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USMC Photo A421519

An F8E Crusader is shown at the Da Nang Airbase with all the armament it is capable of carrying. In 1965, one Crusader squadron, VMF(A W)-312, operatedfrom Da Nang, while VMF(AW)-212 was stationed on the attack carrier USS Oriskany (CVA 34).

Another fixed-wing component of the 1st Marine Aircraft Wing which performed yeoman service was the Marine Aerial Refueler Transport Squadron 152 (VMGR-152). This squadron, reinforced with aircraft from VMGR-353, was based at the Marine Air Station, Futema, Okinawa, but maintained a detachment, usually four aircraft, at Da Nang. The Lockheed KC-130 Hercules aircraft of the squadron orbited over the South China Sea to provide a ready fuel supply to American aircraft.* The presence of these flying fuel tanks was especially valuable during the monsoon season when pilots had to take into consideration that their home field might be closed because of weather. The KC-130s also were used extensively for resupply within South Vietnam and for shuttling personnel and material between South Vietnam, Japan, and Okinawa. Additionally, the aircraft furnished an important service to the Marine ground units by providing illumination in numerous flare drop missions.

During 1965, one Marine fixed-wing squadron, VMF(AW)-212, participated in the Navy's air war over both North and South Vietnam. VMF(AW)-212, as one of the five squadrons of Attack Carrier Wing 16 (CVW-16), flew combat air strikes for seven months from the attack carrier USS Oriskany (CVA 34). On 27 January 1965, Lieutenant Colonel Charles H. Ludden led his squadron from the Marine Corps Air Station, Kaneohe Bay, Hawaii to San Diego, California where it embarked on board the Oriskany. The squadron, with 12 ling-Temco-Vought F-8E Crusader jet fighters, boarded the carrier with a complement of 22 officers, of whom 16 were pilots, and 173 enlisted men.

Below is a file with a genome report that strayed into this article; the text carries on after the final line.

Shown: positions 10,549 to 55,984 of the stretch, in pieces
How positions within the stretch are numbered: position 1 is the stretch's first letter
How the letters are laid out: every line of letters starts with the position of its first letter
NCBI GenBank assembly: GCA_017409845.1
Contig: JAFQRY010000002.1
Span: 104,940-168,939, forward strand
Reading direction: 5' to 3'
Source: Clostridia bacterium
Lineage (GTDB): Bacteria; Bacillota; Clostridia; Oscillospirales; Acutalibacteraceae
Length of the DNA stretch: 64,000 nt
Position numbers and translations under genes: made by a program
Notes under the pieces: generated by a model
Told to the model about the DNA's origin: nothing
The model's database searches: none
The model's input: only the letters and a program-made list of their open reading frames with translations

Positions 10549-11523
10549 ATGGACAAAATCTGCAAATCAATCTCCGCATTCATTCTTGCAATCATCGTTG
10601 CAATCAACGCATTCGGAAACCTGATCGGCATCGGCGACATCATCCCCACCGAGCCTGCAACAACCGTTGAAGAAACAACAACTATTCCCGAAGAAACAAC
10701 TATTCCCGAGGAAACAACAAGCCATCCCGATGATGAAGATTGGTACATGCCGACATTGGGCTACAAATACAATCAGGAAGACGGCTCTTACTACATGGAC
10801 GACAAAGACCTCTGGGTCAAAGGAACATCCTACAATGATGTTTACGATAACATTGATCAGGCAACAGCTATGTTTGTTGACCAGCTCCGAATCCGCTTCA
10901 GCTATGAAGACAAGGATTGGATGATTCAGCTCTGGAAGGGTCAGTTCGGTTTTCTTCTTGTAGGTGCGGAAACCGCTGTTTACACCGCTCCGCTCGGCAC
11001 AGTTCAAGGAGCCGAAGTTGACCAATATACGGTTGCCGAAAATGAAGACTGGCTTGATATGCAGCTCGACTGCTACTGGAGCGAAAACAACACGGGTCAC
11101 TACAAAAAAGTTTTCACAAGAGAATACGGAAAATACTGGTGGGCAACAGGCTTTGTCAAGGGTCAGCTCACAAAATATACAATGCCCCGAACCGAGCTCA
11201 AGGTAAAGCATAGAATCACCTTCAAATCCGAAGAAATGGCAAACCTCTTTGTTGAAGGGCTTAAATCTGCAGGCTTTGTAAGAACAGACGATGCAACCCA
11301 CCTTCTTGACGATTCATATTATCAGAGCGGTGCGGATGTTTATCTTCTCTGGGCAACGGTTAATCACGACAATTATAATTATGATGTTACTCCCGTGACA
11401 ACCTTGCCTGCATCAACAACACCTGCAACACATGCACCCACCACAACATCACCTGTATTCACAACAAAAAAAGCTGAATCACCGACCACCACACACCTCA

After a two-month training period, Oriskany sailed from San Diego on 5 April, arriving off the Vietnamese coast on 8 May. That same day, the pilots of VMF(AW)-212 exchanged their peacetime orange flight suits for green combat clothing and then flew their first combat missions. Their first strikes over South Vietnam ranged from the Mekong Delta to northern II CTZ. Controlled by U. S. Air Force tactical air controllers (airborne), the 'Lancers,' as 212 was known, struck enemy troops and supply areas with 5-inch Zuni rockets and 20mm


*Colonel John D. Noble, who commanded MAG-12 until 19 September, remarked in his comments that the KC-130s 'provided in-flight fueling to MAG-12 A-4s during most, if not all, of June 1965 while the strip was under construction. In order to carry the optimum ordnance loads from the short operating length of the strip and not disrupt the Seabees' efforts down field at every launch, all A-4 takeoffs were made with light fuel loads. One or more KC-130s would orbit over the field to top off the A-4s with fuel to give them the range and/or endurance needed for their missions.' Col John D. Noble, Comments on draft MS, dtd lNov76 (Vietnam Comment File).

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